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Tyre set up

deanvwdeanvw Posts: 412
edited January 2008 in MTB general
Hey all. Im looking for a new set up on my tyres now as my Tioga DH Factory 2.3 are badly worn. I will be doing a bit of everything but i need lots of grip as i do freeriding. Any ideas?

Posts

  • dhxcmedhxcme Posts: 1,467
    highroller, 2.5, super tacky 42a
  • Sir HCSir HC Posts: 20,148
    High Rollers, 2.35" Wide.

    Go for a 42a Compound on the front and 60a on the rear.


    Single Ply's are a lot lighter than dual ply's. As long as you use decent tubes with the single ply's and don't plough through rock gardens you will be fine.
    Intense Socom
    Inbred
  • deanvwdeanvw Posts: 412
    Go for a 42a Compound on the front and 60a on the rear.

    Whats the difference. But also they dont look very grippy
    As long as you use decent tubes with the single ply's and don't plough through rock gardens you will be fine

    I use halo
  • dhxcmedhxcme Posts: 1,467
    although they don't look it thy have a daft amount of grip.
  • SplasherSplasher Posts: 1,528
    Have to agree with the HighRoller 42a/60a 2.35 combo but if you prefer a more fully treaded tyre, Michelin Mountain Xtrem 2.2s are also very good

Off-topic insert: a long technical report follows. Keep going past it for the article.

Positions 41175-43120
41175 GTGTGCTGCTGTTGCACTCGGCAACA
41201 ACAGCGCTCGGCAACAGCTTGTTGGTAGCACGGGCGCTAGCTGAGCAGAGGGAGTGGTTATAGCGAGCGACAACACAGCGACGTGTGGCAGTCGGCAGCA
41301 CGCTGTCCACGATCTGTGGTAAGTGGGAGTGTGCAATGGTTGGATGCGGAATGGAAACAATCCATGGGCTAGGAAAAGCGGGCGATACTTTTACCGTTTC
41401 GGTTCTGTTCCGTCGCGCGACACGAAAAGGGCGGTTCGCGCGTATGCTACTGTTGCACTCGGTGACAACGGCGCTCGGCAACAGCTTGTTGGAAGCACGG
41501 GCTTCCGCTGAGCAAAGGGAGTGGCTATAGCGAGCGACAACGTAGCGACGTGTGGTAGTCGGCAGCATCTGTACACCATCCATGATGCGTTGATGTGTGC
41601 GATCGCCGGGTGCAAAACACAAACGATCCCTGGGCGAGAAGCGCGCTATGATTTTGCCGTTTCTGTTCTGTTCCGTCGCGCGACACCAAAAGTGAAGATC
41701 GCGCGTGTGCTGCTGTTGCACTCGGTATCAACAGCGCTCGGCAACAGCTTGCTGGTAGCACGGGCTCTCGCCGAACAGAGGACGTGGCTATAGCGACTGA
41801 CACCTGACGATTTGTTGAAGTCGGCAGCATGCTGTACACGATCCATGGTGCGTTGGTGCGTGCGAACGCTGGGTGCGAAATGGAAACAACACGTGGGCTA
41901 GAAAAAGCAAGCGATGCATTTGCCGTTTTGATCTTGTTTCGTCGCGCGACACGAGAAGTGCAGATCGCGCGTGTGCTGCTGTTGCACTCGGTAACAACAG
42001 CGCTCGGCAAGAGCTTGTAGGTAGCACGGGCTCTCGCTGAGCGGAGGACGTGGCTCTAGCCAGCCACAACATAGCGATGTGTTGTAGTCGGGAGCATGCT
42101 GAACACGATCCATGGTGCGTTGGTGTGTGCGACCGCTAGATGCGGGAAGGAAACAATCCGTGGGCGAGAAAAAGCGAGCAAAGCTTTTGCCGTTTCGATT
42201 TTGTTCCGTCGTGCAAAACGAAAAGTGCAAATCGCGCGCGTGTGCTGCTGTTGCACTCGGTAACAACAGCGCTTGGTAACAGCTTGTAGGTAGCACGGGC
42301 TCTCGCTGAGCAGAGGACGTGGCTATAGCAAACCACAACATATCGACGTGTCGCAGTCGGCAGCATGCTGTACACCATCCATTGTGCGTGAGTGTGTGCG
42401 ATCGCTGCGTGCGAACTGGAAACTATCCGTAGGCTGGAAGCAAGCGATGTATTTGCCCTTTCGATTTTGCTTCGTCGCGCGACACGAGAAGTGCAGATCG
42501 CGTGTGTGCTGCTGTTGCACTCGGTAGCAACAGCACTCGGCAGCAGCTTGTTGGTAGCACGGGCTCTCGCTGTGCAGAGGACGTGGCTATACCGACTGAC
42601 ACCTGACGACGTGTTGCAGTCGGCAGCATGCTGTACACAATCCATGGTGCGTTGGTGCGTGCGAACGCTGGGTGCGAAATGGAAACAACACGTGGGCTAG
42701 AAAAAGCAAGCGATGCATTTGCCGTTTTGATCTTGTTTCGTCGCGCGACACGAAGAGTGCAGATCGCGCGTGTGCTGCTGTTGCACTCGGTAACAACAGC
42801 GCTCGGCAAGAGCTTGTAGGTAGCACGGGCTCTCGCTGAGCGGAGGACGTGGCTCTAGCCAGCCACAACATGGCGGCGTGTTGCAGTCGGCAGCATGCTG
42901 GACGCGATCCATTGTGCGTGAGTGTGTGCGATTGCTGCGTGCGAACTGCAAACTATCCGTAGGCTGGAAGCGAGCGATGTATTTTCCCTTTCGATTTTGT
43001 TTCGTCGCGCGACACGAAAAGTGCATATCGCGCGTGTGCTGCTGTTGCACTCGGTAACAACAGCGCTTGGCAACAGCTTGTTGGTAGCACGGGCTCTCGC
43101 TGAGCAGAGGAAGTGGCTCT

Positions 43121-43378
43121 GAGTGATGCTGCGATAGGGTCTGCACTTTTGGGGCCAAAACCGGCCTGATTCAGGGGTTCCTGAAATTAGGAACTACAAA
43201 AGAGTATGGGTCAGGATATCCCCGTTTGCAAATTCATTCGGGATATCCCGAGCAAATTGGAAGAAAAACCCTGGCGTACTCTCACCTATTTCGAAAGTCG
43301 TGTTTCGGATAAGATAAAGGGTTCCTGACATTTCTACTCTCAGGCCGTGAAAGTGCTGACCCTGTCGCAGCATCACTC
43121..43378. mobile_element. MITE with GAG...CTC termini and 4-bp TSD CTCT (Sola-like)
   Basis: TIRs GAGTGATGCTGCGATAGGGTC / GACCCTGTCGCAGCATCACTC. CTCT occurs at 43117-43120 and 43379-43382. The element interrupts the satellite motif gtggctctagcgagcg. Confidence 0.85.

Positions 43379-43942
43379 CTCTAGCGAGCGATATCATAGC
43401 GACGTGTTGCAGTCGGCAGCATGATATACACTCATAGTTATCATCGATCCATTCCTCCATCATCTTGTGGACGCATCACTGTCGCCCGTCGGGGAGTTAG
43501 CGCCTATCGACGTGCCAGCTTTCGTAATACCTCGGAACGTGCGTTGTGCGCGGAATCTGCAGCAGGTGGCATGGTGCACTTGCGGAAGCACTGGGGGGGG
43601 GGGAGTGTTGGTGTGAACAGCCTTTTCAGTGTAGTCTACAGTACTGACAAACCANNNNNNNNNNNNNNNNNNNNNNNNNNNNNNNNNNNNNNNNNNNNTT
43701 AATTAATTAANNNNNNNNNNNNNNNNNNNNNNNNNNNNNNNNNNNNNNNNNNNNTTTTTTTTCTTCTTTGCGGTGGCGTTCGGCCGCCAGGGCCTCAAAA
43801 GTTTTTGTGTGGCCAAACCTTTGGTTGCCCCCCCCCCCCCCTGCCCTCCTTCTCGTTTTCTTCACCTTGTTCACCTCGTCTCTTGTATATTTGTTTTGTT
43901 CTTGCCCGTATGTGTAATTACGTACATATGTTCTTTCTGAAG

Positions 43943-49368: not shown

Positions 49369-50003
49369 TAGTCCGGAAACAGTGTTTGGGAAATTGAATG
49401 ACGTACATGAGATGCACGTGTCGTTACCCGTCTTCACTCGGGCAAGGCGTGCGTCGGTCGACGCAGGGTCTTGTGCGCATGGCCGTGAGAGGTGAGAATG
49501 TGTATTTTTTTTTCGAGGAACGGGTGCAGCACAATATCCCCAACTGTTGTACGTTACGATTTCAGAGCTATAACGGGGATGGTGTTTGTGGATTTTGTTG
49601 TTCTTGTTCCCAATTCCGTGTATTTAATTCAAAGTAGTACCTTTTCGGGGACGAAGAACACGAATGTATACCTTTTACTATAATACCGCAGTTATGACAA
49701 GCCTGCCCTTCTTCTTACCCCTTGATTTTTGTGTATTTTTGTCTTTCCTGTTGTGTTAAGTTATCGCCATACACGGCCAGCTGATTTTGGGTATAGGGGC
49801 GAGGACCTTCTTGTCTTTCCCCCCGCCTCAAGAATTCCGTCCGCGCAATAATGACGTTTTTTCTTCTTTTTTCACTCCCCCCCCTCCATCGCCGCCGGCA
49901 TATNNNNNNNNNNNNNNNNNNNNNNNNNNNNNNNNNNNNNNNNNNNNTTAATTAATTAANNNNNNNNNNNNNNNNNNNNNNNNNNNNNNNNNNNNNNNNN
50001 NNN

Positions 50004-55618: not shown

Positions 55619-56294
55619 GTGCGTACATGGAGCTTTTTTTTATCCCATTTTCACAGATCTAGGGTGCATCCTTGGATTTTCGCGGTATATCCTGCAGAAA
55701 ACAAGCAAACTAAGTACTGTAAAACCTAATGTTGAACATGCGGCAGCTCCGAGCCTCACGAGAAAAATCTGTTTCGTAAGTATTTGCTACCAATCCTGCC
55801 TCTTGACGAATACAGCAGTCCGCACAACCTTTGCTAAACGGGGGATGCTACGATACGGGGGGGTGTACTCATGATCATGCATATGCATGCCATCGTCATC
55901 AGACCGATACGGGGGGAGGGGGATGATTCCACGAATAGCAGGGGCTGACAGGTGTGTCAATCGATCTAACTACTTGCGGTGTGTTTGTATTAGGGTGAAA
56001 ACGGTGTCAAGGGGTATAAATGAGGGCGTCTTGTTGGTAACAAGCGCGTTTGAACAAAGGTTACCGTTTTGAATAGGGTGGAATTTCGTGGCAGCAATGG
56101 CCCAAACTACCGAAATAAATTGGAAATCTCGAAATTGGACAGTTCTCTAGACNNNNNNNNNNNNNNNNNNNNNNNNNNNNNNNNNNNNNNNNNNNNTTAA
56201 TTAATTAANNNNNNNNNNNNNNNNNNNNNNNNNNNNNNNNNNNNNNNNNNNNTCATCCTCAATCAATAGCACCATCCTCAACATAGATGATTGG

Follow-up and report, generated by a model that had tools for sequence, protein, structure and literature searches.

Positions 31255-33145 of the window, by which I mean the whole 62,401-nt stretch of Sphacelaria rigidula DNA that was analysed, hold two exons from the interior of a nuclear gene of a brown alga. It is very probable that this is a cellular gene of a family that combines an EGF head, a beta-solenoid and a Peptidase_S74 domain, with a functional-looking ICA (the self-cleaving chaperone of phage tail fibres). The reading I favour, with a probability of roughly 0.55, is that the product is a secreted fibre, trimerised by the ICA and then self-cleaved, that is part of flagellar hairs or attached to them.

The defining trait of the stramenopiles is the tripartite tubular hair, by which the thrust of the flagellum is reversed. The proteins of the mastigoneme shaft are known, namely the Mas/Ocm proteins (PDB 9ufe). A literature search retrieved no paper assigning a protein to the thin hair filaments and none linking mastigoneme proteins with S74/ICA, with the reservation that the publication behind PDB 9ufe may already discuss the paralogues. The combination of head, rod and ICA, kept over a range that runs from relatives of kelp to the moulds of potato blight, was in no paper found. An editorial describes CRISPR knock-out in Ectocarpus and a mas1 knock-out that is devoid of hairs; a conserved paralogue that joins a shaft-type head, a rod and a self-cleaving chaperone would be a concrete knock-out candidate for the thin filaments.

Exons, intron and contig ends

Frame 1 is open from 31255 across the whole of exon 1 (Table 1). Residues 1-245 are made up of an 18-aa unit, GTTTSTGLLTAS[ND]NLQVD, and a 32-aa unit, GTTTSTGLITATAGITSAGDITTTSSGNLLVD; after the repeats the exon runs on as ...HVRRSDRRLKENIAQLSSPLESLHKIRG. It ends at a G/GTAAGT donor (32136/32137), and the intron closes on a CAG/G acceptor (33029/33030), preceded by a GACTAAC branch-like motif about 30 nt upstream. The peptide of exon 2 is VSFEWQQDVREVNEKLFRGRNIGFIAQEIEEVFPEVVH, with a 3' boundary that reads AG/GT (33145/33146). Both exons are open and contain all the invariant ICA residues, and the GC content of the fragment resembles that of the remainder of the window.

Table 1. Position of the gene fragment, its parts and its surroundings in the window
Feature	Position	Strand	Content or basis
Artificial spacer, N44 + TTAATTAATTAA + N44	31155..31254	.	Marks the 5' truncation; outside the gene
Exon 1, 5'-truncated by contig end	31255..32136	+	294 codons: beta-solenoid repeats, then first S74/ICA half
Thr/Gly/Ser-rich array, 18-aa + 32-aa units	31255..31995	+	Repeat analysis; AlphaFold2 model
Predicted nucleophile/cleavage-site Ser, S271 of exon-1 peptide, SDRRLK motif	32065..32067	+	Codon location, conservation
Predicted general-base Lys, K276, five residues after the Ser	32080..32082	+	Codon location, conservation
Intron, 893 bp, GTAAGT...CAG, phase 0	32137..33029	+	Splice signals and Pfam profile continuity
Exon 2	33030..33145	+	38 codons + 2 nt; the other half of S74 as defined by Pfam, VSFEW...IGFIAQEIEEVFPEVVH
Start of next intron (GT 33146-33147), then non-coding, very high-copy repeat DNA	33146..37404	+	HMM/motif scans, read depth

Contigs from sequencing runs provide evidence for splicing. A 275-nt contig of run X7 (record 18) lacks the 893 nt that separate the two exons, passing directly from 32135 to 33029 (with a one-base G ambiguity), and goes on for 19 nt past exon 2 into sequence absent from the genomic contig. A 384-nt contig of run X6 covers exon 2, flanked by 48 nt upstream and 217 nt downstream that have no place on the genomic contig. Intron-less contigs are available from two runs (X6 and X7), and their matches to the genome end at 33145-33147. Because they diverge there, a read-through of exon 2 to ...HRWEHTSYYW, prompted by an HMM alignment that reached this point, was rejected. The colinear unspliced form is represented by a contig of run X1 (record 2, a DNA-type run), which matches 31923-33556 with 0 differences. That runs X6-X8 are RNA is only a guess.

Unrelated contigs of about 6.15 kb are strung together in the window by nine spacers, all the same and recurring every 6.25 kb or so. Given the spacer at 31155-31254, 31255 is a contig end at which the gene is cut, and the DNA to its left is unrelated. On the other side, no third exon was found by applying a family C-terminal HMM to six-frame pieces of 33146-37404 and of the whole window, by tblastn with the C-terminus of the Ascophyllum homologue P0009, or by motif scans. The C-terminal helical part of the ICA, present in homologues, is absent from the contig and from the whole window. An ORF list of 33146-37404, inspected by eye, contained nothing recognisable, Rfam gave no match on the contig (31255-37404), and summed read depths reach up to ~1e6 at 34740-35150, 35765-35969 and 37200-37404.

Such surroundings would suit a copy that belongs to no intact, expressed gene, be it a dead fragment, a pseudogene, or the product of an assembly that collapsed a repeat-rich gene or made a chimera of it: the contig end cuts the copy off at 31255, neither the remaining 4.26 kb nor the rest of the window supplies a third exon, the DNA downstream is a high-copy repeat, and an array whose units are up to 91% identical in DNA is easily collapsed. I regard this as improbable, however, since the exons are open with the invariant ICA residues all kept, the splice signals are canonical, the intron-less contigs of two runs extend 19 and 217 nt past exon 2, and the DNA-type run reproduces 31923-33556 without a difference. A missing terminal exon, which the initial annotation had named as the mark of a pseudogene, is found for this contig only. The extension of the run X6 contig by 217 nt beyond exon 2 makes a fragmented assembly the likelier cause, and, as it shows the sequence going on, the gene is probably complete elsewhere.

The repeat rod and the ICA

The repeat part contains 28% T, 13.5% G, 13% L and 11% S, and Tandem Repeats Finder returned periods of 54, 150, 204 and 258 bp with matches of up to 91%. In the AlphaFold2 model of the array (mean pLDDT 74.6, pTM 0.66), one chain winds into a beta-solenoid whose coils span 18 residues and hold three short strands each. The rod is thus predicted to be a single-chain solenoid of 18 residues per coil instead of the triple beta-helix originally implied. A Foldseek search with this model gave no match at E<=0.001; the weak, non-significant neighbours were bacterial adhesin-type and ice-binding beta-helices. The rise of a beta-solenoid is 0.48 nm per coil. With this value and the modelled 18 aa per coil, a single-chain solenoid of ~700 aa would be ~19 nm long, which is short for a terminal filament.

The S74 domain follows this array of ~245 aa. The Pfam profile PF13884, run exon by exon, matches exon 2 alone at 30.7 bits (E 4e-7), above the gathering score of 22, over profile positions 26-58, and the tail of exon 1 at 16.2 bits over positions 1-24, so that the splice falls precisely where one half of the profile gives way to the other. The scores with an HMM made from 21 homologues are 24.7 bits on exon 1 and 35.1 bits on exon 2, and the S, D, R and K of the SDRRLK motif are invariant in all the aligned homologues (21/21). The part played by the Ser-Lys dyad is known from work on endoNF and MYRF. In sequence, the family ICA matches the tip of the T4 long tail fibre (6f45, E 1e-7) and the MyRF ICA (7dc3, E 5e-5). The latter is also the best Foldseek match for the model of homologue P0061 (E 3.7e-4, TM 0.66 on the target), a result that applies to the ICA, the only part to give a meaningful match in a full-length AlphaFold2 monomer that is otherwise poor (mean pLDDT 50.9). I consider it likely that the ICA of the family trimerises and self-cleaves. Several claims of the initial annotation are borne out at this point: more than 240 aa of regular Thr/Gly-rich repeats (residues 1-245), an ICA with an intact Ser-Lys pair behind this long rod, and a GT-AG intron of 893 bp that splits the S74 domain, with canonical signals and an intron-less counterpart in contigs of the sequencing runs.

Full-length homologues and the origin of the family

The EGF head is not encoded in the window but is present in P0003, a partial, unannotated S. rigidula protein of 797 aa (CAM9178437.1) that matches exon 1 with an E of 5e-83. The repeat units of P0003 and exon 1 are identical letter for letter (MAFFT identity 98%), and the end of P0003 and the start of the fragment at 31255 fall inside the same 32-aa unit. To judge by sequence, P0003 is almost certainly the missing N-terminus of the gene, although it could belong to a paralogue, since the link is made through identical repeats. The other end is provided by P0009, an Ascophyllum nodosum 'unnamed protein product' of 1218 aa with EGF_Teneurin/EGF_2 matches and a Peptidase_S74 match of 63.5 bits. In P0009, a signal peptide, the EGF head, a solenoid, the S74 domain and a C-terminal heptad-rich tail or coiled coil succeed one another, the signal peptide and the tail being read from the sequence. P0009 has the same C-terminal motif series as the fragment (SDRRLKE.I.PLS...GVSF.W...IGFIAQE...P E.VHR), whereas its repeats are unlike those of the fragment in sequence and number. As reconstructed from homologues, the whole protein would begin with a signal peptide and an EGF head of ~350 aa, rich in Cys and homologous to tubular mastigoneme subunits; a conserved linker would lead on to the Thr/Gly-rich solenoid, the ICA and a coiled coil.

20410.jpg
    "Internet Forums - an amazing world where outright falsehoods become cyber-facts with a few witty key taps and a carefully placed emoticon."
  • deanvwdeanvw Posts: 412
    Oh

    and im running them on Halo Combats with Halo innertubes
  • Nobby Nicks front and back winter

    Nobby Nicks front and Racing Ralph spring & Autumn

    Racing Ralph front and back summer

    Assuming we get a normal season
  • Sir HCSir HC Posts: 20,148
    deanvw wrote:
    Go for a 42a Compound on the front and 60a on the rear.

    Whats the difference. But also they dont look very grippy

    42a is a softer compound so more grip but less durable.

    They are plenty grippy enough, one of the most widely used downhill tyres.


    Splasher wrote:
    Have to agree with the HighRoller 42a/60a 2.35 combo but if you prefer a more fully treaded tyre, Michelin Mountain Xtrem 2.2s are also very good
    20410.jpg

    They are more like a Maxxis minion/ Michelin Comp 24. The lateral grip and mud shedding is no where near as good as the high rollers.
    Intense Socom
    Inbred
  • capoz77capoz77 Posts: 503
    Havn't looked at any other tyres since rolling the Continental Verticals, look at the reviews ! :o:o:o

    http://www.conti-tyres.co.uk/conticycle ... ical.shtml
  • ratty2kratty2k Posts: 3,872
    Glad someone likes Conti Verticals!! I thought they were the worst tyres I've used so far..... no grip at all when things got damp. I like the Kenda Bluegroove/ Nevegal combo myself.
    My Pics !


    Whadda ya mean I dont believe in god?
    I talk to him everyday....
  • dhxcmedhxcme Posts: 1,467
    worring thing is i like holy rollers for xc as they stick to everything but nothing sticks to them.
  • SplasherSplasher Posts: 1,528
    edited January 2008
    Sir HC wrote:
    Splasher wrote: